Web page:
"We are still at war," the Queen barked as she stepped down from a bosun's chair on the deck of the Pedang Capat. N'dret met her with a confused expression. "The war had stopped?" He asked.
Accompanied by the wide-ranging eyes in the sky, the Javan fleet turned back north into Gulf of Tonkin and within days the DuQuoin swung within signaling range of the fleet - Judean fleet sighted, sixty miles north-northeast. N'dret and his squadrons prepared for battle. Huge trimaran battlecruisers heeled, bow-wakes flaring white as they picked up speed.
The Judean commander, Falcon, continued his sweep, unware of the Javan airships lurking in the upper air, their blue-painted shapes blending with the brilliant summer sky, watching his every move. Only two days later, the Javan fleet appeared on the southern horizon and by afternoon, the two fleets collided a hundred miles south-southeast of cape Tonggou Jiao.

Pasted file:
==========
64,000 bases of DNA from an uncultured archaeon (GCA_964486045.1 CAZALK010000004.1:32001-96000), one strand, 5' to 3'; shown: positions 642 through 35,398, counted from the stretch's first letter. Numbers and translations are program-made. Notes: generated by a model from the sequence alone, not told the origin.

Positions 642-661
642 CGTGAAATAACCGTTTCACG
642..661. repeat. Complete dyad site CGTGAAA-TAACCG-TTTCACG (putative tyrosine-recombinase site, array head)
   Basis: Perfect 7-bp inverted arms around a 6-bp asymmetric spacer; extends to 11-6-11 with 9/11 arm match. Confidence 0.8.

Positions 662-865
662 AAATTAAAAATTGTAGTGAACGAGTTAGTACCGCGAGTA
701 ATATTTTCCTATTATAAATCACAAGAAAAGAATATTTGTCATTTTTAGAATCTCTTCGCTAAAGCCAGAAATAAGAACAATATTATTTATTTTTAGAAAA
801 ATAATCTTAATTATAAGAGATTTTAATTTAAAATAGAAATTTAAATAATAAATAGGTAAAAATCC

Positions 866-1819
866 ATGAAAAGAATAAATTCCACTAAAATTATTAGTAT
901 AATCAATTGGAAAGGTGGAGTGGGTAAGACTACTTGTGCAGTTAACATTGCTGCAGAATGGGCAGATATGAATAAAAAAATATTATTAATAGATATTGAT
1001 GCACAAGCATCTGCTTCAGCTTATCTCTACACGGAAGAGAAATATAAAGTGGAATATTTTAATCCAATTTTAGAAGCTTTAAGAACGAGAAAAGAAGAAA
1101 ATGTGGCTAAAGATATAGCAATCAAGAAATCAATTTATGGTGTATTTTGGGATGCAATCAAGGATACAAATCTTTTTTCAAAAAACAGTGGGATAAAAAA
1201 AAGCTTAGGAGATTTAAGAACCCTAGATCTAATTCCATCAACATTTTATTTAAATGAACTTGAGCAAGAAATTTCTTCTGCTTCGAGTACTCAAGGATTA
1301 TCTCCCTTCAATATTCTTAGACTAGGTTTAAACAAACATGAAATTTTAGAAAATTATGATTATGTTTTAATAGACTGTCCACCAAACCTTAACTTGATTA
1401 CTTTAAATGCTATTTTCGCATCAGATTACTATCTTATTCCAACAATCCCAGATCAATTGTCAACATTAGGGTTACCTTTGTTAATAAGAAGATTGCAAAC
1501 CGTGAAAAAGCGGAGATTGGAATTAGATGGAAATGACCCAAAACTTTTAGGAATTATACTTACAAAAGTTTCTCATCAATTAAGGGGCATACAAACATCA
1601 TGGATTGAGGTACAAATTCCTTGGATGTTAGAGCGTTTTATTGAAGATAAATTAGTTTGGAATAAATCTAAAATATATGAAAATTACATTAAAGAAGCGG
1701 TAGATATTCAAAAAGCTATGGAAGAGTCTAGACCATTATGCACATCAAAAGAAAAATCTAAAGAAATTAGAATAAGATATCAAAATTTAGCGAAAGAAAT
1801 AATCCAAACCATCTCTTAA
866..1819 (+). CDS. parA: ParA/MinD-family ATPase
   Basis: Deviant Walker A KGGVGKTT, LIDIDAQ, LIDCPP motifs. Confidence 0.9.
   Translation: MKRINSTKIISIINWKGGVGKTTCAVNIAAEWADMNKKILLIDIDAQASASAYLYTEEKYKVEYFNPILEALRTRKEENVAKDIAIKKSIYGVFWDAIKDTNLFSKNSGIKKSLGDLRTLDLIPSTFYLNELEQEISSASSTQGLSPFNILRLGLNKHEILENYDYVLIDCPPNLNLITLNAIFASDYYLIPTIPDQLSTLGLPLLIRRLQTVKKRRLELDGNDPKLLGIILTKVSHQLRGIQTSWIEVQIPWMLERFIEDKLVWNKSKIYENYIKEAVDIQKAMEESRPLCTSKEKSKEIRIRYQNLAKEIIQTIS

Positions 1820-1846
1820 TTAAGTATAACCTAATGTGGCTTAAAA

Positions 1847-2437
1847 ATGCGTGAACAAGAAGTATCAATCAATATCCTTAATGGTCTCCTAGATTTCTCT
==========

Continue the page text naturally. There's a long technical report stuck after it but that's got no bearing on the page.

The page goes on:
Three hundred and seventy Javan ships (including many taken as prizes from the smashed Ming, Japanese and Judean squadrons of two years previous) engaged the combined three hundred and ninety Judean and Hosogawan vessels with the wind guage and a moderate advantage in guns. A day of swirling melee followed, tongues of flame stabbing in the murk of cordite smoke and burning ships, the queer wailing cry of the Lascars swarming over the side of a stricken ship, the quiet terrifying rush of the Malays with their long kukri knives... The Judean and Hosogawan squadrons took a severe beating. As night fell, Falcon ordered the fleet to break away under cover of darkness and make way to safety of the Chinese coast and the Ming batteries in Kwangchou.